Consider the use of monochrome to concentrate your viewers’ eyes on the real subjects of your photos.
I feel like something of a scratched record about this, banging on about photographic intentions yet again. But it’s important.
We all take disappointing pictures at times. To get out of the habit, we have to learn to see in a different, more conscious way.
Exploring the potential of panoramas? From wide angle landscapes to more intimate close-ups.
In this article I describe some of the aesthetic decisions I made when processing a raw image file to get to picture of Berwick Pier.
Surprisingly perhaps, you can improve your own pictures by learning how to critique other peoples’ images. Being specific about, and putting into words, what you do and don’t like will help when you come to create your own images.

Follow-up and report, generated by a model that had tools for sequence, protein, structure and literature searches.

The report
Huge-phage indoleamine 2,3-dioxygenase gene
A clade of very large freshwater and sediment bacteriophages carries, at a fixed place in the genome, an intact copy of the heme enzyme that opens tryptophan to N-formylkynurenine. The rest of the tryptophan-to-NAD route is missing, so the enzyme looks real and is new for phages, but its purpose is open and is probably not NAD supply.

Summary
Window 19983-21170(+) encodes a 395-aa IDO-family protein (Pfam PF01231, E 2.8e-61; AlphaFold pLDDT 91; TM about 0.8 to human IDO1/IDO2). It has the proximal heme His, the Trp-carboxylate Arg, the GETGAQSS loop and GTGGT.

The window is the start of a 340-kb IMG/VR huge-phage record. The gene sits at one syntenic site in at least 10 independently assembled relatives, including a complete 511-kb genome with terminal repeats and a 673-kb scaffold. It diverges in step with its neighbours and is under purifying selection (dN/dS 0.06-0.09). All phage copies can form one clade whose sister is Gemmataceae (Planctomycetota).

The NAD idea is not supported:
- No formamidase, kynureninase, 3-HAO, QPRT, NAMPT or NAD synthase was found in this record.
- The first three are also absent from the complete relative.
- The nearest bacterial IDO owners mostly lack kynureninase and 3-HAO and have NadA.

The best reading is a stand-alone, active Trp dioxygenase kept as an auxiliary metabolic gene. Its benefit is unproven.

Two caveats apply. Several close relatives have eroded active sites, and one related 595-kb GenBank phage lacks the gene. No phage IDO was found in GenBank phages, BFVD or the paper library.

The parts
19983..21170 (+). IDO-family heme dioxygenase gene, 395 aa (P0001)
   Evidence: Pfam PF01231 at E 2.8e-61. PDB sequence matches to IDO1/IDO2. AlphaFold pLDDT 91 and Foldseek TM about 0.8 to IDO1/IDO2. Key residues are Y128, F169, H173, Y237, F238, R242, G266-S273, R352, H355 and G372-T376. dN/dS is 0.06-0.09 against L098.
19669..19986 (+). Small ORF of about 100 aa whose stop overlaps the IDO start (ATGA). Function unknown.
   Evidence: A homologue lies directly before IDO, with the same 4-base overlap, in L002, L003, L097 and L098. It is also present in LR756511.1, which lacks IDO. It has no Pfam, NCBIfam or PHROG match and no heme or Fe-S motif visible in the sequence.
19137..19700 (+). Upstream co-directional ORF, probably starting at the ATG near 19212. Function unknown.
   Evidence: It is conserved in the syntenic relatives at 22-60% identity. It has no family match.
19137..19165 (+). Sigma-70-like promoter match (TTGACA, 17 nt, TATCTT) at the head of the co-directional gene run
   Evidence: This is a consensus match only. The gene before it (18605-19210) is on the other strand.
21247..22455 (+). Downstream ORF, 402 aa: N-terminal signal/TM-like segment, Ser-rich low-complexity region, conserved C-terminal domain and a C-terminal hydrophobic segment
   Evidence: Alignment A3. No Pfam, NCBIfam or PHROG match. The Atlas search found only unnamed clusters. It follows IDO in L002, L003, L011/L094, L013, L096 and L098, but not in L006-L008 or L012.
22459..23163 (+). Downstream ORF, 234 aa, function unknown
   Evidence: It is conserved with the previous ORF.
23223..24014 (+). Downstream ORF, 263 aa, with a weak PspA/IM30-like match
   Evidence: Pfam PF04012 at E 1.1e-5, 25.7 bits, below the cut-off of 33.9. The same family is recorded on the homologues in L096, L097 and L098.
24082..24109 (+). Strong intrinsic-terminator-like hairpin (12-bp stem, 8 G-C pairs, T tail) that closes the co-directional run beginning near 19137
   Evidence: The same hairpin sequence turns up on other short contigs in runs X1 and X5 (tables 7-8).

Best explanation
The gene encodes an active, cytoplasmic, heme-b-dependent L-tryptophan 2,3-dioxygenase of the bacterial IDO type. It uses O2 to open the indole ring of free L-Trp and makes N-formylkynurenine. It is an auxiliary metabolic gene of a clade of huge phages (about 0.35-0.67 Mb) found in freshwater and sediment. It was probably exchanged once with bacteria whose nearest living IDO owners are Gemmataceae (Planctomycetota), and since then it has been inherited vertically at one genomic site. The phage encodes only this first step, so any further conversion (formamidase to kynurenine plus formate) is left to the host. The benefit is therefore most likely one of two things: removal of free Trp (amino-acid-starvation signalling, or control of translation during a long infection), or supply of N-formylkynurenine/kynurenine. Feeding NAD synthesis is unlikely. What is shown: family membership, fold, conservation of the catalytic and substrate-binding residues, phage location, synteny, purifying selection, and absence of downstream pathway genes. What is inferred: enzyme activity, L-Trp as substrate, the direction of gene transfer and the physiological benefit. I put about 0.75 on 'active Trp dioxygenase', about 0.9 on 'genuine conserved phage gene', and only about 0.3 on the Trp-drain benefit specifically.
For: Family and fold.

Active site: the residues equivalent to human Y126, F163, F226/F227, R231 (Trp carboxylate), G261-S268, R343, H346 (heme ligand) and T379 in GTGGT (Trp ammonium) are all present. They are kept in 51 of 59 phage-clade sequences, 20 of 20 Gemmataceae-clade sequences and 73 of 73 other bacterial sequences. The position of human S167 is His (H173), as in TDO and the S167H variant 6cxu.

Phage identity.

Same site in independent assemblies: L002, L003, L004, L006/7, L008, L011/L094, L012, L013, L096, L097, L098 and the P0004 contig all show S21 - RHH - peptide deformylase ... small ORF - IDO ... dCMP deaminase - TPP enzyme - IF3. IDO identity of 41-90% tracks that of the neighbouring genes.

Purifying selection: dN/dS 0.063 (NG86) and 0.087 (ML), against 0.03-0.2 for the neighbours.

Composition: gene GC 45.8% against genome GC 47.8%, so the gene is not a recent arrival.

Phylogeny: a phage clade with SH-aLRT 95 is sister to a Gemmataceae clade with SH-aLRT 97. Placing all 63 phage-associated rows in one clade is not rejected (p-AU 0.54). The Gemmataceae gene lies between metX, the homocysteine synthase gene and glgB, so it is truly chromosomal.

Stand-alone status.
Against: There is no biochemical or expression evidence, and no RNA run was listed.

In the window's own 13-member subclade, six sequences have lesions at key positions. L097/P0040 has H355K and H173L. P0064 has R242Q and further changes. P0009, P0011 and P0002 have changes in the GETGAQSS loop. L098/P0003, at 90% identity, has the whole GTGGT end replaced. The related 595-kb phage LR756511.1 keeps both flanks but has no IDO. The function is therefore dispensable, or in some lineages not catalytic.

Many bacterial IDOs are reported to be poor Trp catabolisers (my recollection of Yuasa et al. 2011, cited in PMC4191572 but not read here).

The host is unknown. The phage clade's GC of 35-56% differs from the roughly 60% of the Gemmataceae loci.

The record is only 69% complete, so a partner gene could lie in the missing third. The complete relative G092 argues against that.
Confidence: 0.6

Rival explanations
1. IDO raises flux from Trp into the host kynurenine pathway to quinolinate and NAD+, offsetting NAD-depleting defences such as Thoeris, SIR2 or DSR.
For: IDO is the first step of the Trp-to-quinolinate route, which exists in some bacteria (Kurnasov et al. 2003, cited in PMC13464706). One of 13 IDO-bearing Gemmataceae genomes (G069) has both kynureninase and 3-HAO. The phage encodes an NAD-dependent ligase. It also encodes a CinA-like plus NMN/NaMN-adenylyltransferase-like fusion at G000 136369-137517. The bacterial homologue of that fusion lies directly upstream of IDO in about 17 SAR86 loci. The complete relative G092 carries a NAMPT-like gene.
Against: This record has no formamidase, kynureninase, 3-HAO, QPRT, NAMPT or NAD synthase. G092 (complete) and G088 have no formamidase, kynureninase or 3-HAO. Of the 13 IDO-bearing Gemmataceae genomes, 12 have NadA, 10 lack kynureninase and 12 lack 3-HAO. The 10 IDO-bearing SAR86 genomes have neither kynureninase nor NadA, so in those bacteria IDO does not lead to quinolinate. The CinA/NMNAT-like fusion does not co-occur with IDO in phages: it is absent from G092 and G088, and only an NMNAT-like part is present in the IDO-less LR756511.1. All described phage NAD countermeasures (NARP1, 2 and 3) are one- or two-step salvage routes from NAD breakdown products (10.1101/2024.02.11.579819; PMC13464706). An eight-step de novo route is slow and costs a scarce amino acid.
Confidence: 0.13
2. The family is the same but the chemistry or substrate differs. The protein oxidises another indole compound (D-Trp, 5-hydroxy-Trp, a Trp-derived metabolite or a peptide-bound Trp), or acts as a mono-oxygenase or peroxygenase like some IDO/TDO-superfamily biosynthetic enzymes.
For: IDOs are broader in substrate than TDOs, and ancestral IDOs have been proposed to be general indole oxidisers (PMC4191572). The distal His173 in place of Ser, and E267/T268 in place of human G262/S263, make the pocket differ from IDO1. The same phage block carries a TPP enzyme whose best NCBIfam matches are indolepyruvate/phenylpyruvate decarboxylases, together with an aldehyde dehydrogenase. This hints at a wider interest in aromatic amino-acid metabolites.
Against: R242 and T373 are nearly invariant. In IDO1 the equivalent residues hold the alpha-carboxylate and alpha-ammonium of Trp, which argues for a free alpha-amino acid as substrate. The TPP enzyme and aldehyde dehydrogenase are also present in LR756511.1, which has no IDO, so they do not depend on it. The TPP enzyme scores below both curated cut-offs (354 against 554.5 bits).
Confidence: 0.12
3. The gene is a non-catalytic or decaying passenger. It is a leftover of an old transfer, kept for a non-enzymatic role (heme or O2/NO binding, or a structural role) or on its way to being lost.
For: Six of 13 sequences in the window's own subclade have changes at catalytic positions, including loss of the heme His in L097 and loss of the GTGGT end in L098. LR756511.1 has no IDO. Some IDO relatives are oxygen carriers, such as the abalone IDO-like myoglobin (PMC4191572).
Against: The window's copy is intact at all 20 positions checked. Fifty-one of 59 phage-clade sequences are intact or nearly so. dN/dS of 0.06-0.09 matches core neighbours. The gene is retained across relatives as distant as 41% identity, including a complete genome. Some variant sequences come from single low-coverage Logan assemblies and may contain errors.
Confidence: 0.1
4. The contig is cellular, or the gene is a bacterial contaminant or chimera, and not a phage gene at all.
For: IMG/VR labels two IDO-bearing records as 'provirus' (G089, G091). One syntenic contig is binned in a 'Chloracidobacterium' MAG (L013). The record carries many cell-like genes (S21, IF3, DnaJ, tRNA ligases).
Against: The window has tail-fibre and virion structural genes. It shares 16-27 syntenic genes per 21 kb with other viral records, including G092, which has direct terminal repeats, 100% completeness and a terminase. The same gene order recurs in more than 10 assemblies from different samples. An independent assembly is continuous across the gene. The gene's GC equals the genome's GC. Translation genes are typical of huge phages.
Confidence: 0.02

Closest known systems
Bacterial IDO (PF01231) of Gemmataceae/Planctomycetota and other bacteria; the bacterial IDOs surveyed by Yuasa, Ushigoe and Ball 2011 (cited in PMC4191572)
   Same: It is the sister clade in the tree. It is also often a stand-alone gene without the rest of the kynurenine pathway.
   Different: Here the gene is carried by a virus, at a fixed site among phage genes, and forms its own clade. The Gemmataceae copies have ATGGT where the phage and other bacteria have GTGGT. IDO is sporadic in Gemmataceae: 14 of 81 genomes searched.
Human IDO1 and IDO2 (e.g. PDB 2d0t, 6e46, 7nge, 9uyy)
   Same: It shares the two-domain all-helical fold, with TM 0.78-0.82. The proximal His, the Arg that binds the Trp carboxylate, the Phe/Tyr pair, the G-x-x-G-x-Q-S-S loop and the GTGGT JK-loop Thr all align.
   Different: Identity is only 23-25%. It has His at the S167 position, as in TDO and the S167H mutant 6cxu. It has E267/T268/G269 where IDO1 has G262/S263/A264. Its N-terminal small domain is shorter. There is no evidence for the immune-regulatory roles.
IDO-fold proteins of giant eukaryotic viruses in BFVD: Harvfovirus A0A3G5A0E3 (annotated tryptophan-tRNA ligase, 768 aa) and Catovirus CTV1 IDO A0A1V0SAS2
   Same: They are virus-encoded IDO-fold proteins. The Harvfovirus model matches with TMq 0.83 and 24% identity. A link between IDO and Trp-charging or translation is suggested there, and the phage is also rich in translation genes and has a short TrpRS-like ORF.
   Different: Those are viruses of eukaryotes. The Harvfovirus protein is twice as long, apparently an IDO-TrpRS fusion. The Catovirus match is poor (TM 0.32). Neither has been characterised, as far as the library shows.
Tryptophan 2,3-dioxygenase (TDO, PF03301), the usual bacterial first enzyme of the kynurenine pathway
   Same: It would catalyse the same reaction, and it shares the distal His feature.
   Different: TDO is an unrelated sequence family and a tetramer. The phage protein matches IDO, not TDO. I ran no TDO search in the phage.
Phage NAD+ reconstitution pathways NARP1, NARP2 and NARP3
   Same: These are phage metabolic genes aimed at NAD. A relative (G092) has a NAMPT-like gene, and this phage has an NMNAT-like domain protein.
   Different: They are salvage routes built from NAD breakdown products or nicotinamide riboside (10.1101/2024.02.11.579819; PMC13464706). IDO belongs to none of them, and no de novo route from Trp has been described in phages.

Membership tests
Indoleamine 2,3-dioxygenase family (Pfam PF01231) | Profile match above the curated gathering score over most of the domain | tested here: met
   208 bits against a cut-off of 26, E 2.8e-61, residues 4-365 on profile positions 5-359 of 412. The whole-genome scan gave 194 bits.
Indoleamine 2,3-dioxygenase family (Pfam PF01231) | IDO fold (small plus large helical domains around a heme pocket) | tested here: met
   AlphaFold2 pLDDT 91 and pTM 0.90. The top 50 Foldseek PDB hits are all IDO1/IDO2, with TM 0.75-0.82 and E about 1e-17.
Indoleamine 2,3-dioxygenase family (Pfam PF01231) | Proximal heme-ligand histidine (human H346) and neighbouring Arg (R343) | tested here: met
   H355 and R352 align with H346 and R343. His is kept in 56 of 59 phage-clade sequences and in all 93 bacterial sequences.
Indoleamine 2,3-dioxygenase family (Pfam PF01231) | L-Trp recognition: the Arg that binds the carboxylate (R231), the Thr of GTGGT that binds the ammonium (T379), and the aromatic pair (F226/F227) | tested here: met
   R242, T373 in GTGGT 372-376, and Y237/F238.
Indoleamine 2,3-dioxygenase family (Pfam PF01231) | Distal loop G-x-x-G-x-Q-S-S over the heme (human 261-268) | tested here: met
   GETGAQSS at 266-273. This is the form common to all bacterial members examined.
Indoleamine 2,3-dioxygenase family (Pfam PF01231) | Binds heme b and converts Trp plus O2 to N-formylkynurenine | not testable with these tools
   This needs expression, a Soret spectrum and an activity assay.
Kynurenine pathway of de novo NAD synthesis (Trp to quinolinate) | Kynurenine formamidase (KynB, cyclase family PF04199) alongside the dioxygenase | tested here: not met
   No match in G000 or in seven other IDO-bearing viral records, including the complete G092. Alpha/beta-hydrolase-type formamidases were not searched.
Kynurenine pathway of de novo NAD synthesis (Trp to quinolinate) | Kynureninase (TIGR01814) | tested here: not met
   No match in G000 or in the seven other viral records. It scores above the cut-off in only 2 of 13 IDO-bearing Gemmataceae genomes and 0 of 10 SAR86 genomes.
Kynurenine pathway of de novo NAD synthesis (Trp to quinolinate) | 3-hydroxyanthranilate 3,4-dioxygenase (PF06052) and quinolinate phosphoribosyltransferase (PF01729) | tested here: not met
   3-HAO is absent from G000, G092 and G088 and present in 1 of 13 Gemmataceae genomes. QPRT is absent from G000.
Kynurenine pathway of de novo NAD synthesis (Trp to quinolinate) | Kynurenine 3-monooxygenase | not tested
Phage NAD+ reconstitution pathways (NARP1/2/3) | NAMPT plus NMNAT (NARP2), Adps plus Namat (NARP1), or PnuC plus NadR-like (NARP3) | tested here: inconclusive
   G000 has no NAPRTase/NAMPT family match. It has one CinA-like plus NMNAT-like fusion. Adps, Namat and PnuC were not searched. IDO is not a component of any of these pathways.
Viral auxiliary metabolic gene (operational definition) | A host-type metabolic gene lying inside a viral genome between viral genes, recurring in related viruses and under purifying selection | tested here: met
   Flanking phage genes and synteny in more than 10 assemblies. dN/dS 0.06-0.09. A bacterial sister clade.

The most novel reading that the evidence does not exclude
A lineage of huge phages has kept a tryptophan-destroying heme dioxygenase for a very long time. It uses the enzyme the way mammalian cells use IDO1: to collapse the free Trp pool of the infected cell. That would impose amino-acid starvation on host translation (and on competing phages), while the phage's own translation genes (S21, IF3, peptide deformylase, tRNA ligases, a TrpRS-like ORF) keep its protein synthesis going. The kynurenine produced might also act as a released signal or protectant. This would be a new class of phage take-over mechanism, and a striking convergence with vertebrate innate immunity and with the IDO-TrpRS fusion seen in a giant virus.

When you start out it sometimes feels like other photographers are deliberately hiding the details of their craft from you. It takes a little time to realise that the most important feature of the camera is the viewfinder.
Do you need to tell people what your photograph is about? As ever it all depends on circumstances – what does your audience need to make the most of your images?
Being clear about your intentions for a photograph before you actually press the shutter button is the first step in creating images that say what you want them to say.
Working in monochrome means you can’t rely on colour contrasts to separate elements in your photographs. You have to use the light and capture differences in luminance to produce an image with impact.